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U.S. Readies Anti-Orban Sanctions If Charm Drive Fails, WSJ Reports

Zoltan Simon

(Bloomberg) -- The U.S. drew up a list of associates of Hungarian Prime Minister Viktor Orban who could be targeted with sanctions, the Wall Street Journal reported, in what would amount to a fallback option if engagement fails to sway the illiberal leader to meet his NATO commitments.

The sanctions threat emerged just a day after President Donald Trump praised Orban as a “tough” and “respected” leader at a White House meeting that capped a turnaround in American policy. The U.S. had focused for almost a decade on isolating the four-term premier over his erosion of democracy and deepening ties with Russia and, more recently, China.

The Wall Street Journal, in a report late Tuesday, cited unidentified people talking about the list of targets who could be sanctioned for corruption. They include tycoon Lorinc Meszaros, who’s considered Orban’s closest business ally, Istvan Tiborcz, Orban’s son-in-law who has wide-ranging real estate holdings, and Antal Rogan, Orban’s chief of staff.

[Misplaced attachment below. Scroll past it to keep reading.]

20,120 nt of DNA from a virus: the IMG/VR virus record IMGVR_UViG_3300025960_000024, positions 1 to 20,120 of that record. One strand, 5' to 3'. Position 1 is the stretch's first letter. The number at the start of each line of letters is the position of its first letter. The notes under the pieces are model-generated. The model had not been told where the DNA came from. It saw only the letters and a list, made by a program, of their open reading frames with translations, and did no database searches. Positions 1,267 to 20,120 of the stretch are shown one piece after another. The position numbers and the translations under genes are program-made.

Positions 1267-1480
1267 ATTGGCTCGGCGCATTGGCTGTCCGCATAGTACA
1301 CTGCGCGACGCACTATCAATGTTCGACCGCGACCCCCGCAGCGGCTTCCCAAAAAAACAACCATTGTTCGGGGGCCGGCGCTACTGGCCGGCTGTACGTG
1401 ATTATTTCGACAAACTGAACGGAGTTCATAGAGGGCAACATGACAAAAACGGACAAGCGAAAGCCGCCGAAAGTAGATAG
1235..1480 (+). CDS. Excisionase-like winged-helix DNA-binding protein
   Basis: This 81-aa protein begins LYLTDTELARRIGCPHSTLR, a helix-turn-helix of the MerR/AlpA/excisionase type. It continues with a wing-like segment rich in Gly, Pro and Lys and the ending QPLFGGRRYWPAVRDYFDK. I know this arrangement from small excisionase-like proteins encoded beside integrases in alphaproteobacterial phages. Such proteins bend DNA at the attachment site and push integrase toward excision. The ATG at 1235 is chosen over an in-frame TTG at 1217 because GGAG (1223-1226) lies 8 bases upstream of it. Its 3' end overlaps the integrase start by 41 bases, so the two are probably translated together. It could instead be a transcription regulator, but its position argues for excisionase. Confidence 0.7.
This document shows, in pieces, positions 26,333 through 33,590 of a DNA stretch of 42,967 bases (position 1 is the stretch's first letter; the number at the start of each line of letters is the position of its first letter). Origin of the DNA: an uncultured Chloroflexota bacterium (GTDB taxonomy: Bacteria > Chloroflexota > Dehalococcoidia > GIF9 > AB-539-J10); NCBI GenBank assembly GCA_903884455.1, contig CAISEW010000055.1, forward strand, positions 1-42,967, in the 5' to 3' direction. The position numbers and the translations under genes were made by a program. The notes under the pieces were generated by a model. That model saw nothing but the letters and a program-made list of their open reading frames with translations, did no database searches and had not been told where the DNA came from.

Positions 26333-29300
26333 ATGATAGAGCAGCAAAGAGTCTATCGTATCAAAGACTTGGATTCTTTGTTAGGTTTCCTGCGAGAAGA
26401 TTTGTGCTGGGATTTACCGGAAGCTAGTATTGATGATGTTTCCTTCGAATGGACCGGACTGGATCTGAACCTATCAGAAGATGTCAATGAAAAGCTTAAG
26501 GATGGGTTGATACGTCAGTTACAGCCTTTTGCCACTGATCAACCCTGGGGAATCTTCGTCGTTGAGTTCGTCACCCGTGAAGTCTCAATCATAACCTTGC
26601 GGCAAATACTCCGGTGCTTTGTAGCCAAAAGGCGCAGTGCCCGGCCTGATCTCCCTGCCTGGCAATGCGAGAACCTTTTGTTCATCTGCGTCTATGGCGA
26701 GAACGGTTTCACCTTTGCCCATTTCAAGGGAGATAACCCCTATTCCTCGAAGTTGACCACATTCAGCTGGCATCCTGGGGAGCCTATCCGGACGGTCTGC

“We don’t respond to unfounded, fake news,” Hungarian government spokesman Zoltan Kovacs said in an email. The U.S. embassy in Budapest didn’t comment.

Orban has been a thorn in the side of U.S. efforts to shore up NATO’s eastern flank to counter the growing influence of Russia and China. He’s built a close relationship with President Vladimir Putin and handed Russia a $12 billion contract to expand Hungary’s sole nuclear power plant.

Orban has also opposed U.S. efforts to draw Ukraine closer to NATO, citing disagreements over the treatment of ethnic Hungarians there. He’s rejected U.S. requests to cut business ties with Huawei Technologies Co., instead joining China’s global infrastructure project, the Belt and Road Initiative.

The U.S. had already blacklisted unidentified Hungarian officials in 2014, barring them from entry because of alleged corruption.

(Updates with Hungarian government comment in fourth paragraph.)

To contact the reporter on this story: Zoltan Simon in Budapest at zsimon@bloomberg.net

To contact the editors responsible for this story: Balazs Penz at bpenz@bloomberg.net, Andras Gergely

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